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the decision to stop complaining

November 10, 2009

Note: My brilliant college friend Cianna Stewart wrote this moving personal essay for her friends, posting it to her website (link is in the title). How could following her advice improve your life? — Dr. O


The decision to stop complaining

By Cianna Stewart

Sometime in January or February of 2006 I gave myself a serious challenge: I decided to stop complaining.

It had been about seven months since my One And Only Forever had dumped me unceremoniously and without warning, taking with him all my plans for the future and a good deal of my finances. I found myself feeling lost, needy, and perpetually teary. My family gave me as much support as they could within their own strained circumstances. I had moved away from all my friends and felt deeply alone. I left the country for a while. I drifted.

Then the universe beckoned me back to San Francisco. I found a job, stayed at friends’ houses, and prepared to start over. Everyone was so kind to me. They all knew my story and wanted to help me heal.

My life was once again on track. I was reconnecting with people I cared about who cared about me. I was back in the Bay Area, my home. My job was actually an opportunity – a chance to be mentored by an icon in my chosen field. I was having fun.

…and still I had a heavy heart that couldn’t believe that anyone wanted to spend any time with me.

One day I was driving on the freeway, moving through the tail end of the morning commute. I had just left the home of friends who had invited me to stay with them indefinitely as part of their family. I was on the way to work with a brilliant man on a fantastic project. The sun was out and I could see San Francisco and the Bay, glistening in the crisp light of a clear winter morning. All of a sudden I was exhausted by myself. I heard my own voice telling and retelling the story of my breakup. I could hear every “but” that intruded on my tales of fun times with friends or the interesting work that I was doing. I heard repetitive, circular conversations play out where all the characters changed but one: me. My mind painted a self-portrait that I hated: I was weepy, dependent, weak, and – worst of all – negative.

I realized that I was the one perpetuating this image. Each time I complained about my past, I was reinforcing the feeling of being stuck there. No matter how much I was enjoying what I was doing, I was reminding myself and others of the pain as if I had no interest in forgetting it – even though I said that I did. Those awful times in my past were continuing to wreak havoc on my beautiful present, and I was the one inviting them in. I felt like a kid whose parents have given her super fun toys and thrown her a great party with all of her friends where she laughed all day and ate too much cake and as she goes to bed that night she only says, “Yeah, but what I really wanted was a pony.”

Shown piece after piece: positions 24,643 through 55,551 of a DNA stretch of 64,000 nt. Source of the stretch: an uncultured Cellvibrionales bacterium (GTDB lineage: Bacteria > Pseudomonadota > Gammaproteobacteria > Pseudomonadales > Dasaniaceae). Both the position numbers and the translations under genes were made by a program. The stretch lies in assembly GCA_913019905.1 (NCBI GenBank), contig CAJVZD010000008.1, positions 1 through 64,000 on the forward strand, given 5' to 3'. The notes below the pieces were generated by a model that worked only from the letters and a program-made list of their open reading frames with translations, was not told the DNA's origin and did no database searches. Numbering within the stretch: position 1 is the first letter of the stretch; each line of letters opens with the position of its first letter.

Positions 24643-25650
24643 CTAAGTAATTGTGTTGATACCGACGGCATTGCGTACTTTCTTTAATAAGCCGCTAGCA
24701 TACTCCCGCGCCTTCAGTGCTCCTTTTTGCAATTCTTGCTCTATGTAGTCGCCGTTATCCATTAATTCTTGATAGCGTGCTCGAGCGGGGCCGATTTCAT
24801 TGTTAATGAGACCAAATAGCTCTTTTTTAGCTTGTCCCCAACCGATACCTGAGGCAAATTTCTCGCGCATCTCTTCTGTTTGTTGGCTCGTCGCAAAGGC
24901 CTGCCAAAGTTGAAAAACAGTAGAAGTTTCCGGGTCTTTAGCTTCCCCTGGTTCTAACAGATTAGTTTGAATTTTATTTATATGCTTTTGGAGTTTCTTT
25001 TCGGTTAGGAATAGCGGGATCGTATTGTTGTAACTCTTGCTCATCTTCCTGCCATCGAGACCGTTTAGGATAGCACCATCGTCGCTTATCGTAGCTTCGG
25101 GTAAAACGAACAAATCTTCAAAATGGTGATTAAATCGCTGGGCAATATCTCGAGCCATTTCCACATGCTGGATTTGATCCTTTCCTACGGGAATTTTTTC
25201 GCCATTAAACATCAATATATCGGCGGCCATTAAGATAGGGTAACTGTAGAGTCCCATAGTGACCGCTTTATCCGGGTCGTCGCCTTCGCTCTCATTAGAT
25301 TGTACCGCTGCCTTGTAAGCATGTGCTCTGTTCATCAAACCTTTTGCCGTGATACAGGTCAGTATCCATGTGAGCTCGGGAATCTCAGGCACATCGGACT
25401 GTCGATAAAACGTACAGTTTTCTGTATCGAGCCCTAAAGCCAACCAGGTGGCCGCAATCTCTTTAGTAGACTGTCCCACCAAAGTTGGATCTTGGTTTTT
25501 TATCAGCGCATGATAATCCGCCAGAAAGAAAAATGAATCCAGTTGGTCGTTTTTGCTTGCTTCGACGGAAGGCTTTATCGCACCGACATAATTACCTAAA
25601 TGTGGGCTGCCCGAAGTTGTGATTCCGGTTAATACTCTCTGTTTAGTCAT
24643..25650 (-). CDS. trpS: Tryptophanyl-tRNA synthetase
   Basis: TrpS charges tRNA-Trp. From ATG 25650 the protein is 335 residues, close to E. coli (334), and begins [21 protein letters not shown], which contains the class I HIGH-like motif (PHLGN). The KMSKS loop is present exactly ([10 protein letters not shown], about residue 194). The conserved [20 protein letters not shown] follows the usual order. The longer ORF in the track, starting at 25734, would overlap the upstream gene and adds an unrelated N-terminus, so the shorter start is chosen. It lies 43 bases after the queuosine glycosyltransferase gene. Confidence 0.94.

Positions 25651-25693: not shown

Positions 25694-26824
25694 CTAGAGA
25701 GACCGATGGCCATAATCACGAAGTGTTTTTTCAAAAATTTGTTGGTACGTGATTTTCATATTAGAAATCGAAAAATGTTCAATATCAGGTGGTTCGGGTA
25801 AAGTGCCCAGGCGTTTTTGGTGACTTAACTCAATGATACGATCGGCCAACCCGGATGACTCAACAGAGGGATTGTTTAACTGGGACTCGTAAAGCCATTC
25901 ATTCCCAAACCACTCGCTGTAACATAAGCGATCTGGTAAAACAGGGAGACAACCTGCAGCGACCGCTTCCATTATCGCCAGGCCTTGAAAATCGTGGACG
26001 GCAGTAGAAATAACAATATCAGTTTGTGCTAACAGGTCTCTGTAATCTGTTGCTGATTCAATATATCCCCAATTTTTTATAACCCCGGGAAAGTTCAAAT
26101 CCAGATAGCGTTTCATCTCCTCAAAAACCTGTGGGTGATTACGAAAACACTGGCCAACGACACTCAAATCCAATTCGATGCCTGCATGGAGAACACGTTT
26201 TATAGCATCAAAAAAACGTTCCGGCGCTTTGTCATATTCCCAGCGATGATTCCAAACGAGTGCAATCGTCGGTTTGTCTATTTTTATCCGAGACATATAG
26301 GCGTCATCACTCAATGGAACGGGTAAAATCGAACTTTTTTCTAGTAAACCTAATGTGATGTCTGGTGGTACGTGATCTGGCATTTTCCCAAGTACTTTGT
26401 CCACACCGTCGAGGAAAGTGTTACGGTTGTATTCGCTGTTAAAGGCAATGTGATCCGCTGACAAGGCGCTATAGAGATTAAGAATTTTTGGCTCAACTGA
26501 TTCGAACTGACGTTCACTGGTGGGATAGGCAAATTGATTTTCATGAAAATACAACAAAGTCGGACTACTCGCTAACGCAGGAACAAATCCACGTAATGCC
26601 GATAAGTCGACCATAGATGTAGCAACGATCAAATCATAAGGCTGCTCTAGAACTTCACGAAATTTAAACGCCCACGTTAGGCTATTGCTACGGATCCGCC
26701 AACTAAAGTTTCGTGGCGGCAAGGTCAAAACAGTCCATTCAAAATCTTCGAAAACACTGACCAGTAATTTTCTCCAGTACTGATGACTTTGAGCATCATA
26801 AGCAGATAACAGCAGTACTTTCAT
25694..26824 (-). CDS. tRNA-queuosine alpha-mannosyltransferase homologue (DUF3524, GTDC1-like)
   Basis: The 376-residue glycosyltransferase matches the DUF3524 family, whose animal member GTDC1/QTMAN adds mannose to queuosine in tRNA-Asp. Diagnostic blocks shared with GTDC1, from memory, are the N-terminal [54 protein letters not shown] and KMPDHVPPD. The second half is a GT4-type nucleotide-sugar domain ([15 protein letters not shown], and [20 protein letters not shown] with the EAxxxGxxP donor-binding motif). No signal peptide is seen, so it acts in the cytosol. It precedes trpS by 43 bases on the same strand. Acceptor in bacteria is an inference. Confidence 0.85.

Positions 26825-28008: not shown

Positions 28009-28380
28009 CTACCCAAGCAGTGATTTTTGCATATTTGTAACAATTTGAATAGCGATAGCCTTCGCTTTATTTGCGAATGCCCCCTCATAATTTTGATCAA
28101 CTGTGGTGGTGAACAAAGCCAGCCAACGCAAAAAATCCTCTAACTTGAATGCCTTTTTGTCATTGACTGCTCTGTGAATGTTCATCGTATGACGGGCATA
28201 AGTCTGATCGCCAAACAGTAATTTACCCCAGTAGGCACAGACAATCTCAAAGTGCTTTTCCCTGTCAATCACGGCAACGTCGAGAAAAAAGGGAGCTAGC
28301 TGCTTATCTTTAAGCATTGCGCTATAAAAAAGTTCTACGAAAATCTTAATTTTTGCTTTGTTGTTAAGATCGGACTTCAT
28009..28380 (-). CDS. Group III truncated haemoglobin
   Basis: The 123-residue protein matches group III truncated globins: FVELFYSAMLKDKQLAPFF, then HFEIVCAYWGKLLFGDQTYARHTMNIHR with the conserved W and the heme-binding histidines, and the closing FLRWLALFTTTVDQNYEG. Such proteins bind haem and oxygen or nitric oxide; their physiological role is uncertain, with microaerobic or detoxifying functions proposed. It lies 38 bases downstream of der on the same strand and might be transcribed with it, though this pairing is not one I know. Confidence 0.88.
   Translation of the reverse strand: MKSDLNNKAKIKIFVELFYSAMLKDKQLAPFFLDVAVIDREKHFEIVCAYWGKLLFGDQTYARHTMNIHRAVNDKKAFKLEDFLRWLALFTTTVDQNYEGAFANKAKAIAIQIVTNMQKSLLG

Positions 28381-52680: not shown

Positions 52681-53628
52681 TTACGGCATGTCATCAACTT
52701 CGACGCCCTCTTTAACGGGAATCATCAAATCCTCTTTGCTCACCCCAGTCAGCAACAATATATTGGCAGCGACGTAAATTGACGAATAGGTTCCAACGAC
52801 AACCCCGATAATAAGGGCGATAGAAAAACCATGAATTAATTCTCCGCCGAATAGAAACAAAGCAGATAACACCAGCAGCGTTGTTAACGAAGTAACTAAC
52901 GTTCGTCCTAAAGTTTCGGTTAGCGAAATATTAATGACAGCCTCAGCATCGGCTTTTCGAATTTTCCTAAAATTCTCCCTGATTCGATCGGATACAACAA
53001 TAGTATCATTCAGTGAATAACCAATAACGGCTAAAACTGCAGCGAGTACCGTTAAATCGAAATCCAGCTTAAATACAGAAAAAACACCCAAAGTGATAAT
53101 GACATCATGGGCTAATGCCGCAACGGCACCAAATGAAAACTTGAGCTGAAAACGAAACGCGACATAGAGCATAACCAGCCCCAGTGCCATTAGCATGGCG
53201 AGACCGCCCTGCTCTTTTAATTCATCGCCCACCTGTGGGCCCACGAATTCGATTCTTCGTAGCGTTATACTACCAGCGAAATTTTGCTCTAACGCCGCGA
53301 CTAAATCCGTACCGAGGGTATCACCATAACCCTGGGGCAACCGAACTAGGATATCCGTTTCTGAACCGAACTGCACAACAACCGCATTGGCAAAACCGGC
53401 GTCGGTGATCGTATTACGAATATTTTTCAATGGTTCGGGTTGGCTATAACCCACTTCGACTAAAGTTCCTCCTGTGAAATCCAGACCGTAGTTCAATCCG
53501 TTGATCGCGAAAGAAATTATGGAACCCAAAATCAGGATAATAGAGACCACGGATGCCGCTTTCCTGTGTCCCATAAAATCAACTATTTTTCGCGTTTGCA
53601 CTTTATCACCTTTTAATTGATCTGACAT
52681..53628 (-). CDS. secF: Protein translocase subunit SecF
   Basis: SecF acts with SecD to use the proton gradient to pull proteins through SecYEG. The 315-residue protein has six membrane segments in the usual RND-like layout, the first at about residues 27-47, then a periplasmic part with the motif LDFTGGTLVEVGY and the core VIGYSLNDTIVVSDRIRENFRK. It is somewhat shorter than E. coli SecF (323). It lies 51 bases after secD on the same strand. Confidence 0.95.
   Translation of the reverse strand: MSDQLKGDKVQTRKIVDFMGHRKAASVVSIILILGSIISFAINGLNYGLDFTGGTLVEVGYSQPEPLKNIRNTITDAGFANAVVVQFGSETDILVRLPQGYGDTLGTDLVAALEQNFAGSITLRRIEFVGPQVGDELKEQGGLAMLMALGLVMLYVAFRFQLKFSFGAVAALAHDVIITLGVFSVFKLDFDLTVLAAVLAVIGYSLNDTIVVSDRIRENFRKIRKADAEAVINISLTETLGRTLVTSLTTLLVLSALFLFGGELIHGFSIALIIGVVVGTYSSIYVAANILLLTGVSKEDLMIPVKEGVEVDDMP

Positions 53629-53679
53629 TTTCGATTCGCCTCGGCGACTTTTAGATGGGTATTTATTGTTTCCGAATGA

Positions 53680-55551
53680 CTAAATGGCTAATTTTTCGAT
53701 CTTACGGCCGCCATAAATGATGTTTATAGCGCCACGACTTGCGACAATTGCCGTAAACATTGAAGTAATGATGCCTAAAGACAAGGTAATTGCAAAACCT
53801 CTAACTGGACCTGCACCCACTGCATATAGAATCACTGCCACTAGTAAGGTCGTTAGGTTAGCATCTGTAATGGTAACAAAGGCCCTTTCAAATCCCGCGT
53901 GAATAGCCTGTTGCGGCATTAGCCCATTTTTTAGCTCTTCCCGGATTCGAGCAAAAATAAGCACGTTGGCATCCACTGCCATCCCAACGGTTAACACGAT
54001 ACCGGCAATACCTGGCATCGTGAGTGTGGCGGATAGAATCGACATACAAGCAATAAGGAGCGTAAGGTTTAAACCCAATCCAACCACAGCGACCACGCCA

I imagined being her parent and hated how that made me feel.

I decided to stop complaining.

Now, lest you think that I’m all unicorns and rainbows, let me be clear: I was naturally drawn to sarcastic humor and sardonic wit. My instinct to snark was my ticket into inner circles of East Coasters, British ex-pats, drag queens and just about every group I was part of. I was straining against so much of myself and my world when I decided to let this go.

Yes, it was difficult, but I’d made a decision and I stayed with it. It’s been almost four years since then. I can tell you without reservation that it’s one of the best presents I’ve ever given myself. I’ve learned some incredible things, things that I never expected.

I learned first that it’s really really hard to stop complaining. I noticed how often I would have to stop myself. I would start and then abruptly cut myself off, often explaining, “I was about to start complaining but I’ve promised myself that I wouldn’t complain any more.” Unexpectedly, this often led into a conversation about my decision, ending up with others offering to help me keep my resolution.

Once I had a greater handle on what I was saying, I started to get really sensitive to what I was hearing. I realized that we have a culture of complaining, that it’s the backbone of many conversations and, therefore, many relationships. Standard conversation openers included complaints about traffic, parking, the weather. I realized how much time we all spent talking about unfixable situations that were bigger than we were (airports, corporations, society), were in the past and therefore unchangeable, or just situations where we felt stuck (jobs, relationships, our bodies). I started to notice how these conversations would make me exhausted, how I would lose energy or feel my body tense with frustration. Even a lot of comedy – something that I had seen as a way of relieving stress – was an elaborate and creative version of complaining and had started to make me anxious.